If you’re constantly breaking out in canker sores or struggling with chapped lips, you might want to consider what’s in your toothpaste. If SLS is one of the ingredients, that may be what’s causing these uncomfortable (and embarrassing) conditions.
What is SLS?
Sodium lauryl sulfate (SLS) is derived from coconut oil or palm oil, but becomes contaminated with the known toxin, dioxane, during the the manufacturing process called ethoxylation. 1,4-dioxane, is a carcinogen linked to organ toxicity that’s found in a variety of personal care products, but you won’t find it on ingredient labels. Scary, right?
Why is SLS in toothpaste?
Sodium lauryl sulfate is an inexpensive chemical used in commercial toothpastes as a surfactant, to create the foaming action so many of us expect when brushing our teeth. However, you don’t need a rich lather for clean teeth and gums, especially when the ingredient can cause damage to your beautiful smile.
Side Effects of SLS
- Canker sores
- Bad breath
- Chapped lips
- Mouth irritation
SLS Free Toothpaste
Since the Food and Drug Administration doesn't require 1,4-dioxane (a byproduct of SLS) to be listed on ingredient labels, there's no way to tell if it's hiding in your products. That's why it's best to avoid any potential risks by simply using a toothpaste without SLS.
The Dr. Brite toothpaste is SLS-free and made with the highest-quality natural, organic ingredients to ensure that you and your family are brushing with the safest formula possible.
1. Is sodium lauryl sulfate bad in toothpaste?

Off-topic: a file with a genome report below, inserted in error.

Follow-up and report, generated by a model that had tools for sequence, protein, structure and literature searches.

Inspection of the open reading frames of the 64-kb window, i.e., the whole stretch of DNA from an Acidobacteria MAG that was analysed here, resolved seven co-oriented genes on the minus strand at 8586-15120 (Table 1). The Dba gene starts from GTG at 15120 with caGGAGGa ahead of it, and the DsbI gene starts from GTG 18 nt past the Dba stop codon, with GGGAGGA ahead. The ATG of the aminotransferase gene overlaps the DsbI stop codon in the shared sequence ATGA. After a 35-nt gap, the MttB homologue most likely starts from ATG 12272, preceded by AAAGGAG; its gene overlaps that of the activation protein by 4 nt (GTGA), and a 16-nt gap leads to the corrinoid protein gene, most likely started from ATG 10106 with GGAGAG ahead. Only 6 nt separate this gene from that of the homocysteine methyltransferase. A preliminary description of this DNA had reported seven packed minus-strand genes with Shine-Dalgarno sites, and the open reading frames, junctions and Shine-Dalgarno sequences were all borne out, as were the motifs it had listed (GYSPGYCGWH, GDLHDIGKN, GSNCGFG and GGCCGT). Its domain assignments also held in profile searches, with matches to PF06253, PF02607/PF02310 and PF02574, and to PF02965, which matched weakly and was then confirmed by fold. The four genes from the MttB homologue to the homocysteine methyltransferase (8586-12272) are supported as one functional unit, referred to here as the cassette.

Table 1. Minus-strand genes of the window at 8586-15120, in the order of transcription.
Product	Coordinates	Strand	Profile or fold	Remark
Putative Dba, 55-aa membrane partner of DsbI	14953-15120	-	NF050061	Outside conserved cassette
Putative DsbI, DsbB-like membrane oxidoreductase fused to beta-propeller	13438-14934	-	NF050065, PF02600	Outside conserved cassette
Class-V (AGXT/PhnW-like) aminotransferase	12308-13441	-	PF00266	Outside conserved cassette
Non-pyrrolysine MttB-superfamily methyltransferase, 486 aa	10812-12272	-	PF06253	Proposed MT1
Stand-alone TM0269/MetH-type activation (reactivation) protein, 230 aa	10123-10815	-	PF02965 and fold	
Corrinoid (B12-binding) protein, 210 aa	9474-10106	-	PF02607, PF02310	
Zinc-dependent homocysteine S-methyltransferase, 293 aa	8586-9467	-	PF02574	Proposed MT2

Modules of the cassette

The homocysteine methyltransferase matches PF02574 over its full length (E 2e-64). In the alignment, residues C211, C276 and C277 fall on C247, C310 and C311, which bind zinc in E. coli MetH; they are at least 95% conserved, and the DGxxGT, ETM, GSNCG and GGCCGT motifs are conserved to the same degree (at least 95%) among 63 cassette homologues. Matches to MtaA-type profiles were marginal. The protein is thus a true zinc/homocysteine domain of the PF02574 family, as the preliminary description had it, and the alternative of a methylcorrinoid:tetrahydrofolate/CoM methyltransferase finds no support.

There is no benefit to using Sodium Lauryl Sulfate to clean your teeth, so it is not recommended. Bow Line Dental Group says SLS does not actually clean teeth; rather, it is used to make foam and thicken toothpaste. Though it gives the impression of cleaning your teeth, it doesn't actually do much.
2. Do you need SLS in toothpaste?
There are many toothpastes that contain sodium lauryl sulfate, which is a type of soap (SLS). This ubiquitous element is responsible for the foam that you create when you brush, but it can irritate sensitive teeth and gums. Due to this, Sensodyne toothpastes are created without SLS, so you can keep your teeth clean and healthy without causing more sensitivity to your teeth and gums.
3. What does SLS do to your mouth?
SLS is known to cause tissue sloughing, which can cause canker sores, dry mouth, and bad breath. Inflammation, rawness, or burning sensations may be experienced when the skin on the inside of your cheeks or lips begins to peel. An individual's sensitivity to SLS is often responsible for tissue sloughing.
4. How do you know if you're allergic to SLS?
A SLS allergy/sensitivity manifests itself in a variety of ways. Due to the properties of SLS, skin that is already sensitive or dry may become even more itchy, flaky, or crack as a result of exposure. Using dental floss or oral health care products that contain SLS can cause cracking at the corners of your mouth and canker sores.
5. What products have SLS in them?
This substance is found in items such as engine degreasers, floor cleaners, car wash soaps, toothpaste, shampoos, shaving foams, dissolvable aspirins, bubble baths, and other personal care products intended for human consumption.